I’ll try to go through every idea that we’re talking about and try to show the roots - where did it come from? Well, let’s start from when we broke from traditional Trotskyism. Now we broke on one simple thing on the Russian question. This was the central issue of the time. Now what did we accept from Trotsky? We accepted from Trotsky first of all that the working class is the agent of the socialist revolution, that the working class is the subject, not the object, but the subject of the socialist revolution, that the criterion to every change in society is what role the working class is playing actively in it. That’s what was so idiotic in the letter of Ignatius Tsong and Roger Cummings, because they didn’t ask what was the role of the workers. I don’t care whether the workers have a high standard of living or a low standard of living. It’s important what the workers are doing in the whole game. What is their role, that’s the first thing that we took from Trotsky straight. The second thing we took from Trotsky straight is opposition to all rising bureaucracies. Thirdly we took from Trotsky the theory of the impossibility of socialism in one country. The fact that the pressure of world capitalism distorts development in every workers’ state. In this case the Russian Workers’ State. We also accepted from Trotsky the question of the international nature of the revolution. Those things we accepted from him. Now what were the defects, where we didn’t agree – and it is quite important to see to what extent you are growing on the shoulders of somebody quite tall. Because the thing is this, there’s a danger that somebody makes a picture and you afterwards come and make a stroke next to the picture; he makes a picture, a beautiful picture, of something – a tree – and you come and make a stroke next to it and say, “Look how original I am, my good God! everything started from me, look at the stroke. Wasn’t it original?” Yes, but there was also a tree in the picture, remember that, and I’m not suddenly speaking in the name of modesty – I’m not modest at all but coming simply to have a sense of historical proportions and historical perspective. Now what we thought was wrong with Trotsky was this, that if it was true that the working class was the agent of the socialist revolution then the form of property is a bloody stupid criterion for deciding whether a state is a workers’ state or not, because the worker as an active element in society doesn’t give a damn about the form of property. What the worker as an active agent cares about is the relations in production, in other words what place the worker is in the process of production; whether the worker comes to a state enterprise like the railways or private enterprise like ICI it doesn’t come in relation to it as regards the form of property. But he doesn’t come and say I sell you my labour power because it is private, or in the other case I will sell you my labour power because it is the state. No, no. The form of property doesn’t appear at all to the working class as an active agent in society and therefore he says the form of property is not a criterion that decides the nature of the state. Trotsky was not consistent enough in his own criteria of approach. Second of all, planning is not a criterion of judging the nature of the state because the question is who is being planned and who is doing the planning, not simply planning in the abstract if you speak about in terms of active agency of the working class, and therefore we say quite simply that the form of property shouldn’t decide whether Russia is a workers’ state or not a workers’ state. Third of all, if we speak about internationalism then international capitalism not only distorts but international capitalism determines the laws of motion of the economy in every chunk of the international economy. What I mean by that, I mean that perhaps the pressure of Marks and Spencer over the Co-op is not only distorting the internal relations of the Co-op, but dictating the basic decisions of the Co-op, from wages policy, to advertising policy, to all the rest of it. And that’s why we came and said, “It’s not good enough to come and say Russia is distorted under the pressure of world capitalism,” we have to come and say, “What are the laws of motion of the economy of Russia when you look at world capitalism as the decisive one?” and we said quite simply that the decisive thing that accumulation is the motive force in every economy in the world including the Russian economy. Above all in the Russian economy, because of its backwardness and therefore of its incapacity to face world capitalism unless it imitates world capitalism. This is the payment of backwardness when it faces something much mightier than them. You see that many of those things are simply elementary things. The comrades have heard it and perhaps my summing up is not very useful, but I think it is quite important to be absolutely clear to what extent we really started from a developed idea that started long before us. For years and years and years the Bolshevik Party fought on the question of workers’ power and then the question of workers’ control and the question of the distortions and the fight against bureaucracy etc. and to what extent our development was a development of the same thing and not simply starting without any roots and without any connection with the past, and of course the central thing is quite simply that we came to the conclusion that workers’ control is the decisive thing in evaluating a workers’ state. That workers can get many many things from the top, they can get reforms, the cow can get extra grass, the farmer can give her extra hay. One thing the farmer will never give is the control over the shed. This has to be taken, and therefore a workers’ state is a state where the workers control their destiny. It cannot be given to them, they have to do it themselves. Once you abolish the element of workers’ control you abolish the essence of the workers’ state. This was really the first theoretical thing we were faced with and we are still with it, and when we are faced with new phenomena and new backward countries in the process of industrialisation we use the same criterion and the same general approach, and therefore for us it is not a surprise when what happened to Nkrumah, whatever happens in China, it is not a surprise we use the same basic method. The question of the international nature of capitalism, the question of the laws of motion of capitalism that emphasises the capital accumulation to subordinate everything to it, and the fact that workers’ power cannot exist unless you change completely the rules of the game, the whole rules of the economy etc.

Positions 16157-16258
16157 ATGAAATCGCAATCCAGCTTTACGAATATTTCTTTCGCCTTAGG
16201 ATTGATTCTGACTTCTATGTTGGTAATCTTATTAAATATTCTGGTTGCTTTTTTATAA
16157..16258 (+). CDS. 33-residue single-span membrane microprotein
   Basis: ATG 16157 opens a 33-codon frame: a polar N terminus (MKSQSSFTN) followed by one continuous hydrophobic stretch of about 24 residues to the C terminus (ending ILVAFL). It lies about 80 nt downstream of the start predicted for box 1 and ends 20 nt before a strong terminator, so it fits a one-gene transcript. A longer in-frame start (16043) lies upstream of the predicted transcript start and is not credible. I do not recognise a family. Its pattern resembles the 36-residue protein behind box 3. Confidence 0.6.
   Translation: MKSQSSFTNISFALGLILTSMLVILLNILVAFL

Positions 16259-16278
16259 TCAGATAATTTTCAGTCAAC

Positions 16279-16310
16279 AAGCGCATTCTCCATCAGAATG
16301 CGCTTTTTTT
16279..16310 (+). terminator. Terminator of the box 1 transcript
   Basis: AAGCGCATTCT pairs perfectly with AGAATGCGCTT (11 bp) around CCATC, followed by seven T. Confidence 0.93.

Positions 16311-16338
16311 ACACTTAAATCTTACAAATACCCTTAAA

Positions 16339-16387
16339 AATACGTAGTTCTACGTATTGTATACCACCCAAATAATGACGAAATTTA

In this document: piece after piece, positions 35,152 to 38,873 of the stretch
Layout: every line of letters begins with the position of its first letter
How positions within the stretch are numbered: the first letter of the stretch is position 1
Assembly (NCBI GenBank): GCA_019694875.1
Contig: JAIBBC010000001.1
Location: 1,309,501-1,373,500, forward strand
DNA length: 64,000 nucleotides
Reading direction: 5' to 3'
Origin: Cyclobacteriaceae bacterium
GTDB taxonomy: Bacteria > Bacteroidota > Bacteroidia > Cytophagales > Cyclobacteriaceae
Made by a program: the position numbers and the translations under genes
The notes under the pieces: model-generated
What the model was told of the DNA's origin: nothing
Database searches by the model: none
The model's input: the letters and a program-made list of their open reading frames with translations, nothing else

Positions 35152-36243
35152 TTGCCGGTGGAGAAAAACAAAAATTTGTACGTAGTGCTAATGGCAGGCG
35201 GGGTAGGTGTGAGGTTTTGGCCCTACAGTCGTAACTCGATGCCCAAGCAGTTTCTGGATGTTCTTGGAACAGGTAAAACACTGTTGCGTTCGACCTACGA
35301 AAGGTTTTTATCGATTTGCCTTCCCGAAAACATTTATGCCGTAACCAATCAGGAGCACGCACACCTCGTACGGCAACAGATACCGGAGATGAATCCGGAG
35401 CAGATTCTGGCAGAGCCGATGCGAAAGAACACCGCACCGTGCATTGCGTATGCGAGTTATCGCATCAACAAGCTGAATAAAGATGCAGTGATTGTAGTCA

From this we went to another problem: you know we are not living in Russia and whether you like it or not we can’t face straightforward in conflict with the Russian rulers because we are not facing them. What we are facing are the rulers of the West. Now here we face a very difficult problem. You see, by tradition, the Marxist tradition was a very simple one. We had slumps every ten years from 1817 onwards – 1827, 1837, 1847/8, 1857 and so on. We had slumps every time and we were absolutely convinced that the slumps would become deeper and the booms would become shallower. Came the end of the Second World War we had to face the simple fact, what to say. Should we say like practically all the Marxists, in inverted commas or not in inverted commas, said that the slump was around the corner. For example, the Daily Worker spoke of a million unemployed. You read Tribune when the Tories won in 1951, “millions of unemployed – the thirties are repeated – coming back because of the victory of the Tories”. Then of course there were even the funniest ones of course were the Revolutionary Communist Party, the predecessor of the SLL. They came in 1945 with a very clear statement saying that anybody who believes that there will be only three million unemployed in the immediate future is suffering from reformist illusions, in other words it won’t be three million it will be much more. If you say only three millions you are completely whitewashing capitalism. And Gerry Healy wrote you need a, the workers need an alarm clock. What for? To get up in the morning to run to the labour exchange. Now this was not the historical fact, this was one perspective. There was another perspective we could face. Simply what the right wing said at the time and the ex-left wing in the form of John Strachey and Harold Laski and G.D.H. Cole. Now in the thirties like good British empiricists what happened yesterday, what happened today will happen tomorrow but more emphasised. You see because quite naturally they know from experience that a boy aged ten is stronger than a baby aged one and a man aged twenty is stronger than a boy aged ten they should have drawn a simple conclusion that a man aged 100 must be as strong as Samson. Now British empiricism prevents them from doing that. They know that people die at the age of 100 or a little bit earlier. But in the case of British capitalism the picture is different. Therefore in the thirties everything was terrible, unemployment, fascism, war, etc. You read the Strachey: capitalism means war, capitalism means fascism, capitalism means unemployment. Marvellous clear consistent picture. Then, thanks to good old Adolph Hitler, or I don’t know exactly whom, we got full employment in 1939 and children of the war and this is a fact, British children who grew during the war were much better fed than the children who grew during the thirties. So the picture changed now. Today is pink, tomorrow pinker. Tomorrow will be nicer than today. Capitalism is not in decline any more, everything is marvellous in the garden. So we faced a very serious theoretical problem on the one hand: we couldn’t accept a thing that is breaking straightaway into your face that there are five or six or seven million unemployed in the streets. Simply statistics deny it.


Last updated on 3 February 2017